Western allies are locked in an information war with the Kremlin over Ukraine.
Britain and the US – caught napping in 2014 when Russia annexed Crimea, despite initially denying any involvement – appear determined this time to expose any new Russian attempt to use lies and deception to mask or create an excuse for a further invasion.
A key tactic to combat or deter such activity is to make it public before it happens.
But using information as a weapon successfully – such as by revealing the “truth” to expose a “lie” or some “deception” – requires skill and a coherent strategy, especially when going up against the Kremlin, which knows this battlespace well.
Russian officials, spy agencies and state-run media channels are well-rehearsed at deploying fake news or false equivalences to discredit or undermine an opponent, flooding their version of events online, on TV, in newspapers or in public statements.
For example, Vasily Nebenzya, Russia’s ambassador to the United Nations, recently drew an analogy between US warnings about the threat posed by Moscow to Ukraine and flawed US claims about weapons of mass destruction in the run up to the 2003 Iraq war.
The underlying message was clear: the United States was wrong then and is wrong now.
Moscow’s goal, in the case of Ukraine and wider European security, is to use information to influence domestic and global opinion in their favour and attack whatever the West alleges.
For Britain, the United States and other NATO members, the aim seems to be to deny Russian President Vladimir Putin the ability to operate in the shadows again by calling out details of what their intelligence agencies believe is being planned.
But not only do Western allies need to contend with the inevitable Russian dismissal of whatever allegation they make, they also need to be able to demonstrate to friendly governments, the world’s media and the wider public that their claims are based on facts.
Read more: Three new signs of Russian Invasion plans
Without such evidence – notwithstanding the sensitivities of revealing details about declassified intelligence – they stand less of a chance of defeating Russian denials and risk doing more harm to their own credibility than to their adversary’s.
Just take an exchange on Thursday between a US Statement Department spokesman and a highly experienced diplomatic correspondent during a briefing on American allegations that Russia was plotting an elaborate, false-flag operation to justify a further invasion of Ukraine.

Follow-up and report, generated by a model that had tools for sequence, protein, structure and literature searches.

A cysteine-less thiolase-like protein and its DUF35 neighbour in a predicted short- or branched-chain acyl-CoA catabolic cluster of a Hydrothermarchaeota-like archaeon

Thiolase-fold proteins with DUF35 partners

Matt Lee, the Associated Press reporter – speaking for journalists globally – made the point that these assertions were being delivered with zero evidence other than the word of US officials who have on occasion in the past been wrong.
“I am sorry you are doubting information in possession of the US government,” Ned Price, the spokesman, said.
He explained that Washington was making the intelligence – in the form of his comments – public to deter Moscow from carrying out the alleged scheme.
The plot involved producing a video, with real corpses, of a staged attack against a Russian target to frame Ukrainian forces – creating a pretext for war.
“If the Russians don’t go forward with this, that is not ipso facto an indication that they never had plans to do so,” Mr Price said.
Mr Lee responded: “But then it’s unprovable, my god.”
Footage of the exchange on Thursday went viral, with millions of views.
Hardly the focus Washington would have wanted when it chose to release the intelligence – but a good example of how such claims, regardless how credible, might land when not supported by verifiable evidence.
Then again, even evidence of a threat won’t be enough to persuade everyone.
The US and the UK have been the loudest voices warning of a possible further invasion of Ukraine as Russia openly masses more than 100,000 forces and weapons within striking distance of its neighbour’s borders.
Yet the Kremlin continues to brush off Western warnings of a possible attack as “hysteria” and insist no such aggression is being planned.
It has almost reached a point where President Putin would be doing British and US spy agencies a favour by invading and proving their warnings right.
In fact, some analysts note he could simply choose to inflict harm on their credibility by continuing to hold fire – creating an impression of “the boy who cried wolf” even though the wolf is very real.
A glance at responses to a tweet I posted on the information contest raging over Ukraine gives a sense of how pro-Russia accounts are exploiting the doubt in western claims.
The tweet mentioned the alleged fake video plot and also comments from a Ukrainian minister about how the US and British tactic of calling out suspicions about a possible Russian invasion was “ruining” Moscow’s plans.
Dmitry Polansky, Russia’s deputy ambassador to the United Nations, responded: “First they create a hype about alleged Russian plans for aggression that existed only in their troubled imagination, then promote info about non-existent video as its proof and now they take credit for ruining our never-existing plot. Solo Delirium politics? KeepCalmAndBlameRussia.”
There were plenty of anonymous reactions too.
One Twitter account holder wrote to me: “Did they show you some evidence? Are you a journalist or a stenographer?”
Another one remarked: “I think you mean ‘US spread fake invasion disinformation & when nothing happened suddenly claimed they’ve thwarted fake invasion because they made it public’. So you’re either a moron or complicit.”
On the flip side, however, if Russia is plotting a false provocation to justify an invasion and does actually carry out that threat – the world will have been forewarned.
Presumably British and US officials have weighed up this potential scenario and decided it is worth the heat they are taking for their currently un-evidenced allegations.